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Spiric Section

\begin{figure}\begin{center}\BoxedEPSF{SpiricSections.epsf scaled 1050}\end{center}\end{figure}

A curve with Cartesian equation

(r^2 - a^2 + c^2 + x^2 + y^2) = 4r^2(x^2 + c^2).

Around 150 BC, Menaechmus constructed Conic Sections by cutting a Cone by a Plane. Two hundred years later, the Greek mathematician Perseus investigated the curves obtained by cutting a Torus by a Plane which is Parallel to the line through the center of the Hole of the Torus (MacTutor).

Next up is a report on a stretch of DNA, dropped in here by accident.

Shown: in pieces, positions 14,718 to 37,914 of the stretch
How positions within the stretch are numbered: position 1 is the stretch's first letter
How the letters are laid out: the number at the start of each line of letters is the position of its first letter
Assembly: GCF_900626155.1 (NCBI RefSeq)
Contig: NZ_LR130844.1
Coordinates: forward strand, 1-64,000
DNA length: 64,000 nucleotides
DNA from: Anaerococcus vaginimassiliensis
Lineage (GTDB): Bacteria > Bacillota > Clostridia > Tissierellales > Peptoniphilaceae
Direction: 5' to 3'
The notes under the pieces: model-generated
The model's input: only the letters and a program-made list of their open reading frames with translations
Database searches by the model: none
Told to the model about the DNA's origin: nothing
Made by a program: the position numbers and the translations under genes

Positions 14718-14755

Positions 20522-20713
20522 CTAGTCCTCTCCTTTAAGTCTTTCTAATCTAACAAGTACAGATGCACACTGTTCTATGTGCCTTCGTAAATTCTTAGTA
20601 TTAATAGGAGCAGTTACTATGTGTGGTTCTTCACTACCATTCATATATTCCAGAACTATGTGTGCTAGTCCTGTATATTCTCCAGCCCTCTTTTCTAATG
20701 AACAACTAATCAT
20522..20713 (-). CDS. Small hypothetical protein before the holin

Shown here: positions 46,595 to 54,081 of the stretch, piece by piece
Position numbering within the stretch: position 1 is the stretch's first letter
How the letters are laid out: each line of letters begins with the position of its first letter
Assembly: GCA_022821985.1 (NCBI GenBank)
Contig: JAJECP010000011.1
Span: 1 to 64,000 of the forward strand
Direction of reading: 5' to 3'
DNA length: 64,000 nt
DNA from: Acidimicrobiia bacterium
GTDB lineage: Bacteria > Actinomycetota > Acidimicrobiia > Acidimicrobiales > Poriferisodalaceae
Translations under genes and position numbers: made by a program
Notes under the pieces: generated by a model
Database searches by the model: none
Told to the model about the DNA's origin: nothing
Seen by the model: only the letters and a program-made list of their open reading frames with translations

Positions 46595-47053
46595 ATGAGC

In the Formula of the curve given above, the Torus is formed from a Circle of Radius $a$ whose center is rotated along a Circle of Radius $r$. The value of $c$ gives the distance of the cutting Plane from the center of the Torus.

When $c = 0$, the curve consists of two Circles of Radius $a$ whose centers are at $(r,0)$ and $(-r,0)$. If $c = r+a$, the curve consists of one point (the origin), while if $c > r+a$, no point lies on the curve. The above curves have $(a,b,r)=(3,4,2)$, (3, 1, 2) (3, 0.8, 2), (3, 1, 4), (3, 1, 4.5), and (3, 0, 4.5).


MacTutor History of Mathematics Archive. ``Spiric Sections.''

© 1996-9 Eric W. Weisstein